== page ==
Wednesday, 11 April 2012

Subtle and unsubtle spring bulbs - take your pick!

My good news is that after about a month and a half my camera is back from the menders. Not in perfect working order but it'll do for the moment. I was watching spring roll past me unrecorded and it was driving me crazy.
So this week I'm not going to write too much, I'm going to squeeze in as many photographs (all taken this week) as possible because the spring starting gun was fired a few weeks ago and if we don't get a move on we'll get left behind.
One of our robins pauses for thought in a pot full of alpines

Crumbs of comfort
Narcissus 'Bridal Crown' and Pansy 'Frizzle
Sizzle Twizzle' in a Pastry Pot at the entrance
to Whichford pottery
Today I ate my lunch as usual on the bench in the courtyard garden, I kept my camera with me because two robins and two dunnocks had been skittering about. The dunnocks disappeared (they don't like publicity) but the two robins shared my bread and one of them kindly posed on a pot. It's one I planted with alpines at the end of March when I went to talk to the friendly people at Kennington Horticultural Society near Oxford.

Top heavy
After a ridiculously warm March, April has brought hosepipe bans for many - and showers for most, so bulbs are throwing flowers up with gay abandon wherever you look. The crocuses and little irises have been and gorn but we still have lots of Narcissus on the go. N. 'Bridal Crown' was a sample from René, it's quite sweet and frothy, but I'm not terribly keen on double narcissi, they are a bit too blobby for me and they fall over too easily.
Narcissus 'Minnow', on the other hand, is one of my favourites, a cluster of tiny, soft yellow, simple flower heads at the top of each stem.

Narcissus 'Minnow' in the courtyard garden at Whichford Pottery
White narcissi are always popular at our annual bulb sale, I sometimes suspect that this may be because some people think white is classier than yellow. This is a shame because yellow is delightful in the slanting spring sunlight among fresh, bright foliage.

White can be quite hard to use at this time of year because it can look a bit cold and bloodless, but I find if you use it in bulk it looks best. Perhaps I just don't "do subtle" very well.
From left to right : Narcissus actea 'Pheasant's Eye', N. 'Jenny' and N triandrus 'Thalia'.
The little flashes of blue you can just see are Pansy 'Moonlight Mix' and Muscari latifolium.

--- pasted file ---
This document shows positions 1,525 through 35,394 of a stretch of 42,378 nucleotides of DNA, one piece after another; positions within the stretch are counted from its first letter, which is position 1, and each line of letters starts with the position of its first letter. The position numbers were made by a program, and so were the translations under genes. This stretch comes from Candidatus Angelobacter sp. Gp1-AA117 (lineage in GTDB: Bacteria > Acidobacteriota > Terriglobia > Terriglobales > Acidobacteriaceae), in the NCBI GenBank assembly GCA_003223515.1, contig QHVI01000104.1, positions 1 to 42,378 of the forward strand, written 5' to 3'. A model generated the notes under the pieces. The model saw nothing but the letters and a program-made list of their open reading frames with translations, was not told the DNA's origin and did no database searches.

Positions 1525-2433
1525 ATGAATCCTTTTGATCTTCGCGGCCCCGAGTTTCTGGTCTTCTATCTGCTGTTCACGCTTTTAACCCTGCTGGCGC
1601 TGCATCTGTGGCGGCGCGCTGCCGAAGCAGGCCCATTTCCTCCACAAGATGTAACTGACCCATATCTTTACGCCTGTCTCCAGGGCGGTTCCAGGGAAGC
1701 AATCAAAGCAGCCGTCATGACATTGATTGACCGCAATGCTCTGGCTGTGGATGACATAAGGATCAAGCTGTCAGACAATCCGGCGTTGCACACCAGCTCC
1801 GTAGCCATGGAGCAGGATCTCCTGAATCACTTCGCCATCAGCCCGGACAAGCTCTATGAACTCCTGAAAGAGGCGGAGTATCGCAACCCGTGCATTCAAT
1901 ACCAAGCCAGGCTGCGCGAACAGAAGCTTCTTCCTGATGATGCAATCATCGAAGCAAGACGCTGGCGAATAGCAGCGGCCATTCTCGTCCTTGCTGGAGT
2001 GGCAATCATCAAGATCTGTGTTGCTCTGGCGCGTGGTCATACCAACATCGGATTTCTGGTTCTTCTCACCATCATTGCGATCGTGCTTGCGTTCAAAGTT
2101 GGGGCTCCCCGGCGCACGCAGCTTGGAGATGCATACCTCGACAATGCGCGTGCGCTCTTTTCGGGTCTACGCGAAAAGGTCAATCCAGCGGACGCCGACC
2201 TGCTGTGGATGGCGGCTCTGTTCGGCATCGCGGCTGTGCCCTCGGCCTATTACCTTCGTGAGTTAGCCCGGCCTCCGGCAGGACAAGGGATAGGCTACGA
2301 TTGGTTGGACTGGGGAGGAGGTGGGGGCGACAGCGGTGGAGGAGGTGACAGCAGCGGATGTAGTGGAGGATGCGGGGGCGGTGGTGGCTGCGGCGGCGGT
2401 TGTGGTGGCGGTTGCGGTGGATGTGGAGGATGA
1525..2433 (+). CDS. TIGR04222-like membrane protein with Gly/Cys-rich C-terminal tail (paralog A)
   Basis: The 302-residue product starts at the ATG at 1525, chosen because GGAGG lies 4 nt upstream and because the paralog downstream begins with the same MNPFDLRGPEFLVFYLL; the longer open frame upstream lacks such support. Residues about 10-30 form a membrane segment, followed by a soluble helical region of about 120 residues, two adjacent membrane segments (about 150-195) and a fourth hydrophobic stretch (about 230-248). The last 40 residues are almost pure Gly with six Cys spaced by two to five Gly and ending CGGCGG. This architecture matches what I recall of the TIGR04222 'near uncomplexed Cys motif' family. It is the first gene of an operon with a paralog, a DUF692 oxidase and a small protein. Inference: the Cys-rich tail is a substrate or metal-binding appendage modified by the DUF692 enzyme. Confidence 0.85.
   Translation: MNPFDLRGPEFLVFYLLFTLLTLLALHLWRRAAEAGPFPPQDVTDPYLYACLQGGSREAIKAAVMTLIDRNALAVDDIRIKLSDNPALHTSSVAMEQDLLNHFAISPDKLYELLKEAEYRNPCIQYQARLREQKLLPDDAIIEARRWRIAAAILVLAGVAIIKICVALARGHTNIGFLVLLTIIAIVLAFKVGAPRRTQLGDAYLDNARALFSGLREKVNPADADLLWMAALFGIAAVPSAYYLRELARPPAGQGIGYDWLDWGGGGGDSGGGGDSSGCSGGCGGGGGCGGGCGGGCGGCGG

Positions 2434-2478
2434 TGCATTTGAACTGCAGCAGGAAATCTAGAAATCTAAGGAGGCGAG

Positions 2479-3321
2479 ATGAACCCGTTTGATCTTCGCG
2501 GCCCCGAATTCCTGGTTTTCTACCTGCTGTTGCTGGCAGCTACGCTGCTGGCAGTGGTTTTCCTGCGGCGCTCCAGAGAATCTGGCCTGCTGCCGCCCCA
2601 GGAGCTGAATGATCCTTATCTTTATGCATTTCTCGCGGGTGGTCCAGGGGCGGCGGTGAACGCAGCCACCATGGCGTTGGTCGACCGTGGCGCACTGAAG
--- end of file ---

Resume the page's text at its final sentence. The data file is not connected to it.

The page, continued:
Tulipa 'White Parrot' in Whichford stock yard
Not utterly white.
Most white narcissi have a tinge of yellow or green about them, I prefer these teamed with strongly contrasting colours like blue or red. If you are going all Sissinghurst and choosing white tulips to go with them try T. 'White Parrot' because the young tepals have a hint of yellowish green on their pleasantly wrinkly backs.

Very few 'white' flowers are purely so. Even the pear blossom coming out this week has a tinge of pink.
Blossom in the seconds field at Whichford Pottery

An auricula in a Whichford Jekyll Pot
among cowslips and white hyacinths
Growing stronger
I keep meaning to dig out the white hyacinths that escaped into one of the borders years ago because they usually just look a mess. But they looked quite fresh the other day with the cowslips, and the little mauve auricula in a Jekyll pot. Perhaps I'll leave them for now.

My hunger for stronger colours is beginning to be assuaged by tulips. T. 'Uncle Tom' is looking plump, glossy and promising, 'Jan Reus' is as gorgeous as ever and I am very pleased with the sample of T. 'Big Chief' which René sent us, it's a sturdy tulip in a toothsome colour which I would like to try again.
Plump and glossy, Tulipa 'Uncle Tom'

Tulipa 'Big Chief'
in a Whichford Basket Lily Pot

Purple wave
In the courtyard garden one of the most reliable tulips, 'Negrita', is oozing purpleness from its perch on top of the well. No matter which tulip I plant in this pot I always enjoy watching the wave of colour run from the south-western side of this huge pot round to the shadier northern side until it can be seen from every angle.
Tulip 'Negrita', Narcissus 'Hawera' and Viola 'Jester Mix'
in the giant Orange Pot on the well in the garden at the pottery
Looking up into Fritillaria imperialis
Someone to look up to
Playing with pots means that you can gaze lovingly up at some of your favourite plants. Here's Fritillaria imperialis 'Rubra Maxima' in a large Lemon Pot made and decorated for Trinity Hall, Cambridge, on display by the doors into the main pottery building.
Fritillaria imperialis 'Rubra Maxima' and
wallflowers in a Trinity Hall Lemon Pot

My love of spring bulbs is fed regularly from The Netherlands by René Zijerveld, he is fond of our pots too, and recently emailed me this picture of his prize-winning Tulipa schrenkii in a Whichford basket pot. Congratulations René!
René Zijerveld's Tulipa schrenkii in a
Whichford shallow Basket Pot

Drip, drip, drop little April showers
I must go now - but before I do here's a picture showing yet another April shower (hurray!) on its way to Whichford Pottery this week.
Spring foliage glows as dark blue shower clouds gallop up to Whichford Pottery